Oracle ASMLib: Physical and Logical Blocksize
February 27, 2014 4 Comments
This article is about the use of Advanced Format devices on Oracle’s ASMLib kernel library for Linux. For background, read this page on 4k sector sizes first, otherwise it might all sound like nonsense. Mind you, it mind sound like nonsense anyway, I can’t guarantee anything here. By the way, a big hello to my buddy Nate who asked for this information: you rock, dude.
In more recent versions of ASMLib, Oracle introduced a new parameter into the /etc/sysconfig/oracleasm file:
[root@half-server4 mapper]# tail -5 /etc/sysconfig/oracleasm # ORACLEASM_USE_LOGICAL_BLOCK_SIZE: 'true' means use the logical block size # reported by the underlying disk instead of the physical. The default # is 'false' ORACLEASM_USE_LOGICAL_BLOCK_SIZE=false
To understand what this parameter does, consider this device which I am presenting from a Violin array:
[root@half-server4 ~]# ls -l /dev/mapper/testlun lrwxrwxrwx 1 root root 8 Feb 27 15:33 /dev/mapper/testlun -> ../dm-19 [root@half-server4 ~]# fdisk -l /dev/mapper/testlun Disk /dev/mapper/testlun: 34.4 GB, 34359738368 bytes 255 heads, 63 sectors/track, 4177 cylinders Units = cylinders of 16065 * 512 = 8225280 bytes Sector size (logical/physical): 512 bytes / 4096 bytes I/O size (minimum/optimal): 4096 bytes / 524288 bytes
The important bit there is highlighted in red. This device has a 4k physical blocksize (as all Violin devices do, as well as many other modern storage systems) but has a 512 byte logical blocksize. Essentially, this LUN is pretending to be a 512 byte based.
Now that’s all well and good. Operating systems and applications that cannot support 4k block sizes (e.g. Red Hat 5 and Oracle Linux 5) will happily use this, because they believe it to be 512 byte. But later versions of ASMLib have started being too clever for their own good.
Don’t Look Behind The Curtain
Let’s create an ASMLib label on this device:
root@half-server4 ~]# oracleasm createdisk TESTLUN /dev/mapper/testlun Writing disk header: done Instantiating disk: done
And now we can attempt to put an ASM diskgroup on it:
SQL> CREATE DISKGROUP TEST EXTERNAL REDUNDANCY DISK 'ORCL:TESTLUN' ATTRIBUTE 'sector_size'='512', 'compatible.asm' = '11.2', 'compatible.rdbms' = '11.2'; CREATE DISKGROUP TEST EXTERNAL REDUNDANCY * ERROR at line 1: ORA-15018: diskgroup cannot be created ORA-15038: disk '' mismatch on 'Sector Size' with target disk group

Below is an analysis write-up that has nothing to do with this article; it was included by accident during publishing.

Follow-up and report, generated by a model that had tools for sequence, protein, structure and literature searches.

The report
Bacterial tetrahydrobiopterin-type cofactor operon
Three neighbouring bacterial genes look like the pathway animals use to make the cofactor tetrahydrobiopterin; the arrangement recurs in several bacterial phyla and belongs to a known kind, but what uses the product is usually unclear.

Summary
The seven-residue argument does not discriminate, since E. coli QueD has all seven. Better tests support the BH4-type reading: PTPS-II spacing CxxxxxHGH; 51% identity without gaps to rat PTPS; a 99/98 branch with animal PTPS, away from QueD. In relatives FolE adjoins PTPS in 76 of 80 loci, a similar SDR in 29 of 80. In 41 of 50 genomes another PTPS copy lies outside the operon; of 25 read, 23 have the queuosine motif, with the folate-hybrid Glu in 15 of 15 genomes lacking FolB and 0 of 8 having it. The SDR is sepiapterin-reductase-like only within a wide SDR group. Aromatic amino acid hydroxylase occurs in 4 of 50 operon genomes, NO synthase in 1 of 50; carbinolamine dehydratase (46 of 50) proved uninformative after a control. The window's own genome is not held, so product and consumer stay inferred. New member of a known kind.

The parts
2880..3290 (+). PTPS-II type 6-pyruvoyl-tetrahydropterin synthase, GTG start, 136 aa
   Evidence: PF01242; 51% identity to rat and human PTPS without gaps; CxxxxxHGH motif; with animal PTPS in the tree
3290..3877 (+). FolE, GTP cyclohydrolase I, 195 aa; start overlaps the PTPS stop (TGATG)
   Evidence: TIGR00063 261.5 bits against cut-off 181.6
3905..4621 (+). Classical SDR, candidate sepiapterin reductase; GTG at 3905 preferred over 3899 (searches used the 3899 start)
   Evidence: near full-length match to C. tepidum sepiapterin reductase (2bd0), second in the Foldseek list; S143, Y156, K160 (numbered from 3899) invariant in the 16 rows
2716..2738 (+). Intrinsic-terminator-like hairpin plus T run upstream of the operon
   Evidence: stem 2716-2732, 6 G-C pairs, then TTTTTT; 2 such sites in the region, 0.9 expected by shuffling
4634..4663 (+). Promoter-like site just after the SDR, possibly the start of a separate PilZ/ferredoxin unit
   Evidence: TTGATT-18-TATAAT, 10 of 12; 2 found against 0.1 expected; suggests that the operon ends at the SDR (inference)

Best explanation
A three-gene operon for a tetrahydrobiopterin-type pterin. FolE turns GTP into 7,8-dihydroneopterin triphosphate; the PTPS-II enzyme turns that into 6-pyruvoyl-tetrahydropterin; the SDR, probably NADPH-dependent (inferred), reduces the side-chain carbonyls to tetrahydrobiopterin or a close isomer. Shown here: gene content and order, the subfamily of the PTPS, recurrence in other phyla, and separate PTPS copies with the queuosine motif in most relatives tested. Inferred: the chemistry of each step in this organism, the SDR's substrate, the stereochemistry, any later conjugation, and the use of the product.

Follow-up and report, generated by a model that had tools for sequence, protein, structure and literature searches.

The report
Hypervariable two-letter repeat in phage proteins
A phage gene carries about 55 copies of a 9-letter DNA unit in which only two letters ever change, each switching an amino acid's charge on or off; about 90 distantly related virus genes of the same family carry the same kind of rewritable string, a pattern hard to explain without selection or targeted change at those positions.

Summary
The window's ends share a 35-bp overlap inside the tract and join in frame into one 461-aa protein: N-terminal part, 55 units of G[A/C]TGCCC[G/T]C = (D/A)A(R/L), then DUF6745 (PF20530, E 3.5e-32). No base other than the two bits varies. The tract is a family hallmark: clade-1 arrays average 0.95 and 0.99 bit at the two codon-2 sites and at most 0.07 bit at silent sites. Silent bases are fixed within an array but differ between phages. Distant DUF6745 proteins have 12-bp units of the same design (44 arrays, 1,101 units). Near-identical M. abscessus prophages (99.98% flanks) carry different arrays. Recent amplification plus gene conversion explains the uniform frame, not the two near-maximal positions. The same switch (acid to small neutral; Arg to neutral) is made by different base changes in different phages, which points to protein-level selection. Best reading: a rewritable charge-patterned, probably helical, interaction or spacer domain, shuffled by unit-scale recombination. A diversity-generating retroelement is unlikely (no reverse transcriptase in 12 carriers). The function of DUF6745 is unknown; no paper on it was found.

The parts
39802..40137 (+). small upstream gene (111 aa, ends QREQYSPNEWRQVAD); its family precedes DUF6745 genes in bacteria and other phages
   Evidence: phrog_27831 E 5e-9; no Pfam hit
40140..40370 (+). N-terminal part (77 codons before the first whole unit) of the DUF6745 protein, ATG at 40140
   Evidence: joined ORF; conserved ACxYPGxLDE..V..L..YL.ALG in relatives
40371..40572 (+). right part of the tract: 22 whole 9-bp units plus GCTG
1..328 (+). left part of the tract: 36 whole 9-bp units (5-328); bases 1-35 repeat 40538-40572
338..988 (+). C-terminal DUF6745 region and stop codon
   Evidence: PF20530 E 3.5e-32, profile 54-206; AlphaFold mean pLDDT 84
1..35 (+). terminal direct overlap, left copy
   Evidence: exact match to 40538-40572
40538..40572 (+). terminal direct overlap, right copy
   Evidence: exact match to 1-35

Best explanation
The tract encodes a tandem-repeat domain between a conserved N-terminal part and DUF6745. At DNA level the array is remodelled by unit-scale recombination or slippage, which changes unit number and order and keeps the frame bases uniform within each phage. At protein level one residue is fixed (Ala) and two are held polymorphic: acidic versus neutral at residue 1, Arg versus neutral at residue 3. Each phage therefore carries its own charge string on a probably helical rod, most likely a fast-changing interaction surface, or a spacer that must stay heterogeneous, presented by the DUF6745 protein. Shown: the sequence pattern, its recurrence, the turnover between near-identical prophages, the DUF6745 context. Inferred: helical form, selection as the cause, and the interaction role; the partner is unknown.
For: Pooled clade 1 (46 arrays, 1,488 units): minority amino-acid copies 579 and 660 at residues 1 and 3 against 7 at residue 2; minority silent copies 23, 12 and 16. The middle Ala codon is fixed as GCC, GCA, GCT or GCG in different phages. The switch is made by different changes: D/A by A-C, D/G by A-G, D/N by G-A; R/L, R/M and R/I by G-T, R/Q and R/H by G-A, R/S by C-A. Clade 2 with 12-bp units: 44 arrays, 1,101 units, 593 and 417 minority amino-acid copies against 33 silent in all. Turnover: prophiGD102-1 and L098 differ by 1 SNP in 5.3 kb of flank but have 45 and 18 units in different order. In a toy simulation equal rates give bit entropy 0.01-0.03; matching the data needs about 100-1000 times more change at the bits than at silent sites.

What happened? Well, ASMLib has looked behind the smoke and mirrors and decided that this is actually a 4k device. It’s therefore presenting this to Oracle ASM as 4k, which causes the problem (because I explicitly asked for sector size to be 512 byte on this diskgroup).
One possible solution is to change the ASM_DISKSTRING from it’s default value of NULL (meaning ‘ORCL:*’) to ‘/dev/oracleasm/disks/*’, i.e. the location where ASMLib creates its own block devices. We can test this theory with fdisk:
[oracle@half-server4 ~]$ ls -l /dev/oracleasm/disks/TESTLUN brw-rw---- 1 oracle dba 252, 19 Feb 27 15:38 /dev/oracleasm/disks/TESTLUN [oracle@half-server4 ~]$ fdisk -l /dev/oracleasm/disks/TESTLUN | grep "Sector size" Sector size (logical/physical): 512 bytes / 4096 bytes
So that would work. But it would lose many of the claimed benefits of ASMLib such as reduced file descriptors and context switching. Also, it feels like a hack.
The answer, as you probably guessed, is to set this new parameter. It defaults, wrongly in my opinion, to using the physical block size. We can either edit the value in the file to be true in order to use the logical blocksize, or preferably use the oracleasm configure command:
root@half-server4 ~]# oracleasm configure -b Writing Oracle ASM library driver configuration: done [root@half-server4 ~]# oracleasm configure | grep ORACLEASM_USE_LOGICAL_BLOCK_SIZE ORACLEASM_USE_LOGICAL_BLOCK_SIZE="true"
It can be set back to using the physical blocksize with the following command:
[root@half-server4 ~]# oracleasm configure -p Writing Oracle ASM library driver configuration: done [root@half-server4 ~]# oracleasm configure | grep ORACLEASM_USE_LOGICAL_BLOCK_SIZE ORACLEASM_USE_LOGICAL_BLOCK_SIZE="false"
Finally, a word of warning. If you are like me, then you are a bit stupid and can’t follow instructions properly. I set the value of the parameter to TRUE in upper case and then spent hours wondering why it didn’t work. The answer, to my embarrassment, is that it’s case sensitive. TRUE is not a valid value so it defaults to false. Doh.